It’s 30 years since stock markets around the world suffered one of their worst days ever, with the US Dow Jones Industrial Average dropping the most in one day — 508 points, 22.6 percent — in what became known as Black Monday.
London’s FTSE 100 plunged some 11 percent with further falls the following day.
Yesterday however the Dow closed above 23,000 for the first time, climbing from 22,000 in just over 50 days. The S&P 500 and Nasdaq also hit record closing highs while in the UK the FTSE 100 index has been regularly breaking new ground for months.
Black Monday entered the history books as the first market crash that involved computer-driven trading gone wrong. Now we traders and stock markets are almost entirely dependent on tech and algorithms to drive markets.
Though the exact reason for Black Monday’s dive has never been identified, computer trading — notably ultra-high frequency trading made infamous by Michael Lewis’ book Flash Boys — is thought to have exacerbated selling, pushing prices lower.
It should be noted that a slowdown in the US economy, falling oil prices, and escalating tensions between Iran and the US have also been pointed to as possible causes for the sudden sell off — most likely of course is that it was a perfect storm of all of these things.
Now many analysts expect the market to keep climbing, at least for the next year. However, the S&P 500 is trading at 31 times its average earnings over the last 10 years, according to data compiled by Yale economist Robert Shiller — the highest level since the summer of 2001, when the dot-com bubble was deflating.
But the markets are far different from how they were structured in 1987. The banking system has been made more resilient in the wake of the 2008 financial crisis, there is more and better regulation, and people are far more aware of the controls in place to stop huge trading falls.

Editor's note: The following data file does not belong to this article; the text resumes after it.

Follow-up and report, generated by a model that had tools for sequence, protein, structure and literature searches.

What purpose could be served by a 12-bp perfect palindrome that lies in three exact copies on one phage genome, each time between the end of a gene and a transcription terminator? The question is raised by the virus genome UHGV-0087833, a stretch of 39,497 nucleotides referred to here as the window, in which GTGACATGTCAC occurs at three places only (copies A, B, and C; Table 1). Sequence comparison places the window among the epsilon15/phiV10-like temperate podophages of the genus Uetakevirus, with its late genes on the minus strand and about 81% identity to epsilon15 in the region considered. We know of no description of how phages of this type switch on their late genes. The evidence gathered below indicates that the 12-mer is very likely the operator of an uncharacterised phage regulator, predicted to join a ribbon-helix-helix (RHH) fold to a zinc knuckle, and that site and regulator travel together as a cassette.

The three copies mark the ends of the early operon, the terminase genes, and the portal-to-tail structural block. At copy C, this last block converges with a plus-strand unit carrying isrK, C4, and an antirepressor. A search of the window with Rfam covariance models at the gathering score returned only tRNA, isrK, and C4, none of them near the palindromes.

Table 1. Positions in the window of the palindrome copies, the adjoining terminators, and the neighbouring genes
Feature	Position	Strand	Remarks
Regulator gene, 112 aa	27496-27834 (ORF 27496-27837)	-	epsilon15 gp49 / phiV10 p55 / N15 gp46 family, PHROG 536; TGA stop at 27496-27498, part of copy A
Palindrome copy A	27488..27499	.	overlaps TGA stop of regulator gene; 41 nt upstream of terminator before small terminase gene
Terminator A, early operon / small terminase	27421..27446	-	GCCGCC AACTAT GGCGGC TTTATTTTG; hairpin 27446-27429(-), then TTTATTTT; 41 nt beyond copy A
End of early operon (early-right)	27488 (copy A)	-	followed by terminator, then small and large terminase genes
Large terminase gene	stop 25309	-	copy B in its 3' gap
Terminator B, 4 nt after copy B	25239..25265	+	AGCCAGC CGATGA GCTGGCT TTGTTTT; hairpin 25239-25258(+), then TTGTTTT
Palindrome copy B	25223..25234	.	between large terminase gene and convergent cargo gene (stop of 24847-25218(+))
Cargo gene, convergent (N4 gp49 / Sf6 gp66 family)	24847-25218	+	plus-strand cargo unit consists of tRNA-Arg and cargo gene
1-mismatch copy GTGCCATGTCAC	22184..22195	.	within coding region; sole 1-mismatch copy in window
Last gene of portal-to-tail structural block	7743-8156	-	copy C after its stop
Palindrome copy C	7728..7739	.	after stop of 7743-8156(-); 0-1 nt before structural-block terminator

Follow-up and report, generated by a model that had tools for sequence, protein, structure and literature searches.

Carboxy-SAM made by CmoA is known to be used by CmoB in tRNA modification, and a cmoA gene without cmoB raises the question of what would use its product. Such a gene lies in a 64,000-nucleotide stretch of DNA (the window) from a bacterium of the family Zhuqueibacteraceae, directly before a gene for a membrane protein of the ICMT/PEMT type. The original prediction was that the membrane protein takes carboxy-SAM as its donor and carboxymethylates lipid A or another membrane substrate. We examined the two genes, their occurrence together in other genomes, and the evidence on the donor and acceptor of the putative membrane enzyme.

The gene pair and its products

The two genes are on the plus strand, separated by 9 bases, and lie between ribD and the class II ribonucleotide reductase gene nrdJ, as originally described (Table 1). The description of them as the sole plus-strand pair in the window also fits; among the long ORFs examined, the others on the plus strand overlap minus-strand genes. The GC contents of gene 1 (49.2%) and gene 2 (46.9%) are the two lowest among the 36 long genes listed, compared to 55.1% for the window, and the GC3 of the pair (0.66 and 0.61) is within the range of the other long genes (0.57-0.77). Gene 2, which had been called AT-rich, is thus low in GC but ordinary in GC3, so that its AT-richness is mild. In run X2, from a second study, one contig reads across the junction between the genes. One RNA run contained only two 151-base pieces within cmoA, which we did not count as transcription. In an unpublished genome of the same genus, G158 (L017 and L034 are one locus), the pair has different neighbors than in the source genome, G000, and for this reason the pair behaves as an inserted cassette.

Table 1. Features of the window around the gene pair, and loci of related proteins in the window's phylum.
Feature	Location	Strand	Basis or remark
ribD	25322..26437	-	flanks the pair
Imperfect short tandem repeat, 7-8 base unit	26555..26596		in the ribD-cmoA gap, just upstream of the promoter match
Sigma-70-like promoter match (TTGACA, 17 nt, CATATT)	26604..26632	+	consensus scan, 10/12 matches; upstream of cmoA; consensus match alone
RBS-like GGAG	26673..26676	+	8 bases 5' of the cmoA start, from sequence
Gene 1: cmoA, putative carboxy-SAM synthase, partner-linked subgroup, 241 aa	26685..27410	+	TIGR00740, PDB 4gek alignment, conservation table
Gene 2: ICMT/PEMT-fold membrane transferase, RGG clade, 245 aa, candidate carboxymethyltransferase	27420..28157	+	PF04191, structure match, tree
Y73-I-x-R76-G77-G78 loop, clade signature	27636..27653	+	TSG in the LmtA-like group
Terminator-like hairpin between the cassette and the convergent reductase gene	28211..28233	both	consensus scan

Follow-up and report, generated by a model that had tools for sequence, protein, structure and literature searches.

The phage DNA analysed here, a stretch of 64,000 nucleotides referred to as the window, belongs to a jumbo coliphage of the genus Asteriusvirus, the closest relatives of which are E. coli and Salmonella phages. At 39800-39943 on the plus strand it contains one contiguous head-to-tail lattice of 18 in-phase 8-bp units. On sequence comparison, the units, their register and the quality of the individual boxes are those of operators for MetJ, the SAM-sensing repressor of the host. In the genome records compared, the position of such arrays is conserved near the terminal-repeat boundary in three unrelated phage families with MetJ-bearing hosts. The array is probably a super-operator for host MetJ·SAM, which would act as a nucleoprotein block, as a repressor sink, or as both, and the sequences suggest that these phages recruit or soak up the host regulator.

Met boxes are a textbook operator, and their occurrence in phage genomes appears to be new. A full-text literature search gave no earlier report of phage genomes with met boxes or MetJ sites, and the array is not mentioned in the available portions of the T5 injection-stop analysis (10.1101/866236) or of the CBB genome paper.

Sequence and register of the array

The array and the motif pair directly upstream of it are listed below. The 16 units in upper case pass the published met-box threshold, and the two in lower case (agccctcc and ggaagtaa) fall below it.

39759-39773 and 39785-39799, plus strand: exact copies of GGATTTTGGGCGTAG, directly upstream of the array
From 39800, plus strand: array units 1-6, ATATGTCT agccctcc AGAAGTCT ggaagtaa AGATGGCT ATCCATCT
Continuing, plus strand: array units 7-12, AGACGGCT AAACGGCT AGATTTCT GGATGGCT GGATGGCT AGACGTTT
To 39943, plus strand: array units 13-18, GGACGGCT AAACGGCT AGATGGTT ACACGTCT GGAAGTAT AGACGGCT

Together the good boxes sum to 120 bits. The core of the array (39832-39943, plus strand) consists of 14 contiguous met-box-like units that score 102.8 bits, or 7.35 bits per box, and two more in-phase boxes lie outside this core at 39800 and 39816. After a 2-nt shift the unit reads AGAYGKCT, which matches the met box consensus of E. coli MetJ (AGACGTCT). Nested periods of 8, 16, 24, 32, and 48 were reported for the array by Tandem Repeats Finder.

But risk remains. The market now lives in fear of the so-called flash crash like the one in May of 2010 in which the the Dow had its biggest intraday point drop, plunging 998.5 points (about nine percent), within minutes.
It was found to be caused in part by London-based trader Navinder Singh Sarao, using spoofing algorithms — trades he placed intending to cancel after they had moved the market.
While the techniques he used have been banned, the market is still vulnerable to similar trades.
While equity is expensive to the point of being exponentially overvalued — bond yields are extraordinarily low. The UK’s 10-year guilt had a yield of more than 10 percent in 1987, but today is closer to one percent.
Those low rates meant bonds were paying little in interest, and investors moved into stocks in search of greater returns.
Meanwhile, the Fed is tightening. The Federal Reserve slashed short-term interest rates to near zero in response to the 2008 financial crisis — ensuring banks put their money to work by lending it and keeping costs for businesses and households low. It also took the unprecedented step of purchasing trillions of dollars of bonds.
Almost two years ago it began raising interest rates and wants to return to some kind of so-called fiscal normality.